Thursday, February 25, 2016

Make a friend of a weed Purslane

Everyone seems to be talking about the Paleo Diet.  They are even sharing Paleo Diet jokes:

"I'm on the Paleo Diet, it is just that I'm the caveman who
 discovered Snickers Bars"

"How do you know if someone east Paleo? Don't worry they will tell you."
Warrigal greens (top) and cooked purslane

One thing you do learn from Paleo Diet is that where man once ate Omega 3 fatty acids in a ratio of 1:1 with Omega 6 fatty acids, the ratio is now something like 1:40.  That's a lot of Omega 6 at the expense of Omega 3.

Okay, so where do you get Omega 3s so you can balance your diet?  A weed, which is probably growing in your backyard, or within walking distance of your home, contains more Omega 3 fatty acids than any other known plant in the universe.  The weed is called purslane.

Huge patch of purslane found at Albury airport

For those in Sydney, purslane can be found on a handy wild food map.  I used the map to locate purslane in Bella Vista.

At Bella Vista purslane was happily growing in red chip bark.

While the stems are edible I choose to simply strip the leaves. I steep these in boiling water for three minutes before rinsing with cold water. Drain water before serving. By steeping them you remove excessive oxalic acid. I then serve them with a stir fry giving those at the table the option to sprinkle some of the purslane over there stir fry.   Pick purslane after noon as the plant generates an acid - malic acid - overnight to help kickstart the photosynthesis process in the morning.  By noon the malic acid is used up.  Malic acid gives a sour taste.  If you have ever eaten sour lollies, like sour worms, then you've had malic acid.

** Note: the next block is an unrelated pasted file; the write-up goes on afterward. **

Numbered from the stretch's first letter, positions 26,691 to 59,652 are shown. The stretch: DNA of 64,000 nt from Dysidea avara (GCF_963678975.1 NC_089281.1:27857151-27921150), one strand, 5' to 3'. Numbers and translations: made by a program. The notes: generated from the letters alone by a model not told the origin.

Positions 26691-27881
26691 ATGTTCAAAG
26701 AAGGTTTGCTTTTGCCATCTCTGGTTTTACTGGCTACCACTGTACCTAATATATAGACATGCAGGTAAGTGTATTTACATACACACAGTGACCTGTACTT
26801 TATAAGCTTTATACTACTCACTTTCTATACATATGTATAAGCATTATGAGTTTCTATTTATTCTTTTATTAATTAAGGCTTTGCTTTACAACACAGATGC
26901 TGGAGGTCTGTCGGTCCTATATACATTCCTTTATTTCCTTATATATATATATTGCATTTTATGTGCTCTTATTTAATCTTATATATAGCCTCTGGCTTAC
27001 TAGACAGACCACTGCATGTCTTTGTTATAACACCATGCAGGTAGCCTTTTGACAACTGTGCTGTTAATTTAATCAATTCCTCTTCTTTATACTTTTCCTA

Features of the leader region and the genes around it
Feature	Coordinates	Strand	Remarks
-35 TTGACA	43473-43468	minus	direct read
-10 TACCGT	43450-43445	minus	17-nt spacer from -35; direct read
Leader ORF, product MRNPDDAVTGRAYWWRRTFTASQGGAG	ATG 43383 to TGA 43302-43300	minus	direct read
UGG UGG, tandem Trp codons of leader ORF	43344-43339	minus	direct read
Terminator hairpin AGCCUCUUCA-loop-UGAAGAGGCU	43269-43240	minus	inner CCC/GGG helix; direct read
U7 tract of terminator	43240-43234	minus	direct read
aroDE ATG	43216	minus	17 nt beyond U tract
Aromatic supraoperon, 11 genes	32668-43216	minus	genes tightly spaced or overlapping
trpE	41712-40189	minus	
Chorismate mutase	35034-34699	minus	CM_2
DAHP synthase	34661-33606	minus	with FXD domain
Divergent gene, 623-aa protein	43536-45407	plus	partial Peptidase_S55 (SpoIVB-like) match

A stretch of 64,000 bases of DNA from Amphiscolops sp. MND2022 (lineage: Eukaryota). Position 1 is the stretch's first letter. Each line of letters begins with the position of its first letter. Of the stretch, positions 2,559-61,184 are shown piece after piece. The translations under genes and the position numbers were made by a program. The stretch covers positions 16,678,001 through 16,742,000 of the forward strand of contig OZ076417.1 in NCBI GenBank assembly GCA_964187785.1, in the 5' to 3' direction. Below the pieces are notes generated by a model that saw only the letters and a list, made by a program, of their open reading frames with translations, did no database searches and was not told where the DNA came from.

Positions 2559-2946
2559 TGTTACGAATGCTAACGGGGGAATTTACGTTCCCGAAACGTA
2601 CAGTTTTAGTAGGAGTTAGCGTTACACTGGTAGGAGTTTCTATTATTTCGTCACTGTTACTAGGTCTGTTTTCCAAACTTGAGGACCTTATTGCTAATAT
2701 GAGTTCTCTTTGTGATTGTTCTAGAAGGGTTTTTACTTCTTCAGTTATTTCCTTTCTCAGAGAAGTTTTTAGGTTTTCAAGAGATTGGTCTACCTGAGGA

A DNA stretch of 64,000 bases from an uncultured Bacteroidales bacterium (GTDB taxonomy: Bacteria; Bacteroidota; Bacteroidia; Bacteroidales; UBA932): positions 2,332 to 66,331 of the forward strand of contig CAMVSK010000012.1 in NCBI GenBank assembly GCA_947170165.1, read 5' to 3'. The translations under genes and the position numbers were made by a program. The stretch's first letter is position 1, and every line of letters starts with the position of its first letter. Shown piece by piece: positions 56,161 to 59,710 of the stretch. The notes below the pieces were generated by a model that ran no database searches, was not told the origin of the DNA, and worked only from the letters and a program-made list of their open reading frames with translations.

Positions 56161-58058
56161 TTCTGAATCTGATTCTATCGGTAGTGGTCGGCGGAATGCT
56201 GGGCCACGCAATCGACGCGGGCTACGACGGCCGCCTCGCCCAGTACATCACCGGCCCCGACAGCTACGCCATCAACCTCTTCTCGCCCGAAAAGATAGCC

Immediately near this location is the Woolworths Headquarters. Picking purslane from outside their office puts a new meaning to their marketing tagline "Fresh food people".

When picking weeds ensure that the weed:

1. Has not been sprayed with weed killer.
2. Is not subject to people or animal traffic of faecas.
3. Is free of any insect invasion.

There are a list of nutritional benefits of purslane listed on this link.  Purslane has been used in treating Multiple Sclerosis.


P.S. there is one Sydney greengrocer that sells purslane.  Chooks love purslane and the Omega 3 passes through to their eggs.  I has been observed that chooks let loose on a new paddock will flock to purslane before any other food.  I've received fantastic feedback on this post including an understanding that Purslane is available in Cabramatta markets and that Chinese people consume it both for its digestive benefits and in addition as a medicine.

All links up-to-date at 25 February 2016

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